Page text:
Today’s blog is probably way off the mark for anyone interested in reading about Dar es Salaam, Kigamboni, Zanzibar or my day-t0-day existence here, but I would not have been here if it was not for this “Love” thing.
I am sure some of you have heard, if not tried, dating via cyber space – or internet dating – you know, the thing where you need to write a lot about yourself and then some about that “ideal” match you hope to find, then close your eyes and hope you get some response, and then when you do, you sometimes wish you had not even started in the first place.
So it is then exactly because of me using this “thing”, towards the latter half of last year, that I did in fact find that one I had prayed for. I was heading for my third year of singledom, and my daughter and best friend, Nicki, decided to put fire under my bum, nagging me to do “something” to meet more eligible men. At this point in my life I had just settled so comfortably into just being me, myself and I, and had visions of tackling Europe, or Machu Pichu, or Norwegian Fjords, or riding Indian elephants whilst looking for the elusive tigers or even the Arctic on my own, so this shove from the two of them was just a nuisance. After all, I had just completed the Cape to Rio race aboard the winning cruise yacht earlier the same year, and celebrated turning 50 in Rio de Janeiro, atop Sugar Loaf Mountain and The Statue of Christ the Redeemer in Rio on the day!!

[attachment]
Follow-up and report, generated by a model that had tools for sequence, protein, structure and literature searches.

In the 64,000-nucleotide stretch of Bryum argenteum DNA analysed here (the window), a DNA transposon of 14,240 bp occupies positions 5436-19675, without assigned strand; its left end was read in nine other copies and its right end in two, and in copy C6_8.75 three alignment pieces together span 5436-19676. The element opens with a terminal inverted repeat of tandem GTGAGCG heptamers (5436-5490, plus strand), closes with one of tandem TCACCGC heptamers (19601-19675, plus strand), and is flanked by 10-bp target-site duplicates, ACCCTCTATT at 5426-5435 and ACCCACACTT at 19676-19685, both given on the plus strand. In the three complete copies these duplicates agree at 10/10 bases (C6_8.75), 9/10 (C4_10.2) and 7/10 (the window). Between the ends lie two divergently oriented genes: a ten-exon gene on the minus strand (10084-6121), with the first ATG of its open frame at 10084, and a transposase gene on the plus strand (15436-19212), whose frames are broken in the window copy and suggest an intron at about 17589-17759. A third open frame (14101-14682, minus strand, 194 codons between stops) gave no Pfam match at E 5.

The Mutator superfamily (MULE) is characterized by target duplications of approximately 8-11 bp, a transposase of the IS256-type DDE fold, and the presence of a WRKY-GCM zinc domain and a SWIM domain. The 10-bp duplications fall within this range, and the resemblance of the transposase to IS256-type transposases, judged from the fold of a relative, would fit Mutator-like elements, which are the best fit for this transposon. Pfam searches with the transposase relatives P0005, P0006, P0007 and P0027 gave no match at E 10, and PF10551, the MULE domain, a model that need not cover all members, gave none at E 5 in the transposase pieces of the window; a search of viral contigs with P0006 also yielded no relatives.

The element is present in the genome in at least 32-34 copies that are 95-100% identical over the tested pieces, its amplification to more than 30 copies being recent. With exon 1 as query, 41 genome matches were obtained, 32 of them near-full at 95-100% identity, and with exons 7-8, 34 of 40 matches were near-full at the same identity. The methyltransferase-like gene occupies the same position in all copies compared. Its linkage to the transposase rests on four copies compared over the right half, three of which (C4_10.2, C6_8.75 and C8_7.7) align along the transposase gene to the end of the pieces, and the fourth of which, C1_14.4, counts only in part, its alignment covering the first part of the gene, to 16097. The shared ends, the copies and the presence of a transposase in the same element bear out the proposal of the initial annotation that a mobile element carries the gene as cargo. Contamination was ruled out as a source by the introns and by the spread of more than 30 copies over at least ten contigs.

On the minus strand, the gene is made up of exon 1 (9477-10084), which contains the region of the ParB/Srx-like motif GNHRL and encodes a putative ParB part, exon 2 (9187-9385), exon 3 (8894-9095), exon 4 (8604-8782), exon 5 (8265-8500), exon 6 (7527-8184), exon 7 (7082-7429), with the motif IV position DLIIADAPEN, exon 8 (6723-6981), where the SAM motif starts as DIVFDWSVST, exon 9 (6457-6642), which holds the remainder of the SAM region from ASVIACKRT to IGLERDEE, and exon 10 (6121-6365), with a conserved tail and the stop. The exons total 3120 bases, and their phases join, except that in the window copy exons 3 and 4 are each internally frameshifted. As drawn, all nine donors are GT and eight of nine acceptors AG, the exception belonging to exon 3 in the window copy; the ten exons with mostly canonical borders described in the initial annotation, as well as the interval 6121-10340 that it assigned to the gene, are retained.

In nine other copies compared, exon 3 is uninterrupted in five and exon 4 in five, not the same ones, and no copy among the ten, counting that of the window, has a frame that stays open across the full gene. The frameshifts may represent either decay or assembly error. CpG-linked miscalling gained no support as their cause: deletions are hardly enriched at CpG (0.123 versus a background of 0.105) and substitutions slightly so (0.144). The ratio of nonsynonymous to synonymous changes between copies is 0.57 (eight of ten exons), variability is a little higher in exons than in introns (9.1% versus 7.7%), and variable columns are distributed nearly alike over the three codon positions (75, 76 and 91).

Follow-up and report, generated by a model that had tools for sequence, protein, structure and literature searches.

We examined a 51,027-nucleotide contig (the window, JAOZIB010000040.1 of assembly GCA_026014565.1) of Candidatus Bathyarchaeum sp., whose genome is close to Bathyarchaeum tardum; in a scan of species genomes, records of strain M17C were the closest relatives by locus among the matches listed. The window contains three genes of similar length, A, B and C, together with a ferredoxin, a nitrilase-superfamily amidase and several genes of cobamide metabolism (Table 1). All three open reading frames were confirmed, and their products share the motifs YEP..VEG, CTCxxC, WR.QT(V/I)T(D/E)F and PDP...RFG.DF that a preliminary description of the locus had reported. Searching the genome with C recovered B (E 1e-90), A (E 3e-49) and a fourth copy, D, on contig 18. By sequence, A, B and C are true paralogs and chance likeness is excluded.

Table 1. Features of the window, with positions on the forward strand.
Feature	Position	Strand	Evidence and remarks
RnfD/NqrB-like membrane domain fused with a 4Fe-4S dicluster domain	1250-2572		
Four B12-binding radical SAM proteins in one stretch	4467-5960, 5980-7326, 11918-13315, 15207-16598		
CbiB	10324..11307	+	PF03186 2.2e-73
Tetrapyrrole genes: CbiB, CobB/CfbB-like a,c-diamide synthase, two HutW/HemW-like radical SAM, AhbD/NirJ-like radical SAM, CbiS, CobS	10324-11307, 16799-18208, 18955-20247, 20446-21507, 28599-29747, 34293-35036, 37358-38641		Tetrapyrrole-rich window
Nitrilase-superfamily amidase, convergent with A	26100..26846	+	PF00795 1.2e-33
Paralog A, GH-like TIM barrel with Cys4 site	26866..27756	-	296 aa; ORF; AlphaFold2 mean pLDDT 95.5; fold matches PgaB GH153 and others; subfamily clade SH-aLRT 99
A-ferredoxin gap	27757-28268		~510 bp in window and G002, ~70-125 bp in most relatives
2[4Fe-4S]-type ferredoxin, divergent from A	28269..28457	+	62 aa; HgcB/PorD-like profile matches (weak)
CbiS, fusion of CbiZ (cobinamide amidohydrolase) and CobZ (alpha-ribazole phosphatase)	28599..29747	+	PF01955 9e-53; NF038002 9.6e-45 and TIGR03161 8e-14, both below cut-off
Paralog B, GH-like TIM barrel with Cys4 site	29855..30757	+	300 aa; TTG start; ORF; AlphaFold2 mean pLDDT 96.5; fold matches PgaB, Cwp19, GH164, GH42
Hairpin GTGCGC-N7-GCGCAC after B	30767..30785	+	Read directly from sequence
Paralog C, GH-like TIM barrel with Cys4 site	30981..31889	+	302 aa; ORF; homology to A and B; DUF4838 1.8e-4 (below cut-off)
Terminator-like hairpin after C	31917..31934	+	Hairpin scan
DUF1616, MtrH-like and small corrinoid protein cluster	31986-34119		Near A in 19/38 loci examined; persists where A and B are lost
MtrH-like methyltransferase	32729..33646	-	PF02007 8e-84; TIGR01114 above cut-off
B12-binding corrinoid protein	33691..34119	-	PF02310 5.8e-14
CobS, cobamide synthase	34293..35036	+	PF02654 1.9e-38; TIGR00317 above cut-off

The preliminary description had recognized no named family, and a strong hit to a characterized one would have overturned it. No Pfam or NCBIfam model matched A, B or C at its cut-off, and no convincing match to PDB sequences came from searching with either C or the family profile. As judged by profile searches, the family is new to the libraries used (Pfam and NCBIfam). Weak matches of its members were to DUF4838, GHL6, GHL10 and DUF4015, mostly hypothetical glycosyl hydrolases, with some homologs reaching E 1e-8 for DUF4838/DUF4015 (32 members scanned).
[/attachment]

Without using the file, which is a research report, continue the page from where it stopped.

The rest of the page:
But, as with most things shoved our way, it eventually seemed interesting enough to try, and I started reading some eligible “matches” profiles. After some time agonizing about what to say in my profile, I penned it down, and asked for those reading it to just look for common grounds and then contact me. As I really was not that interested, I asked God to make the process as swift and pain-free as possible! I also made a deal with myself that I will be contacted first, and not do the contacting first. Much against my inner voice I also added a recent photo, and waited.
By the next switch-on of my computer, a few messages were waiting. And thus began the process of sifting. For the next month I chatted with about 20 men, all seemingly interesting and nice enough, until I felt comfortable to narrow them down to 10. These were now the ones I wanted to meet in person, and again, in order for the process to be swift and relatively pain-free, I decided to dedicate a fortnight to meeting them all in a row, them narrow it down to say 4, and then get to know those 4 much better and so the process of elimination seemed set.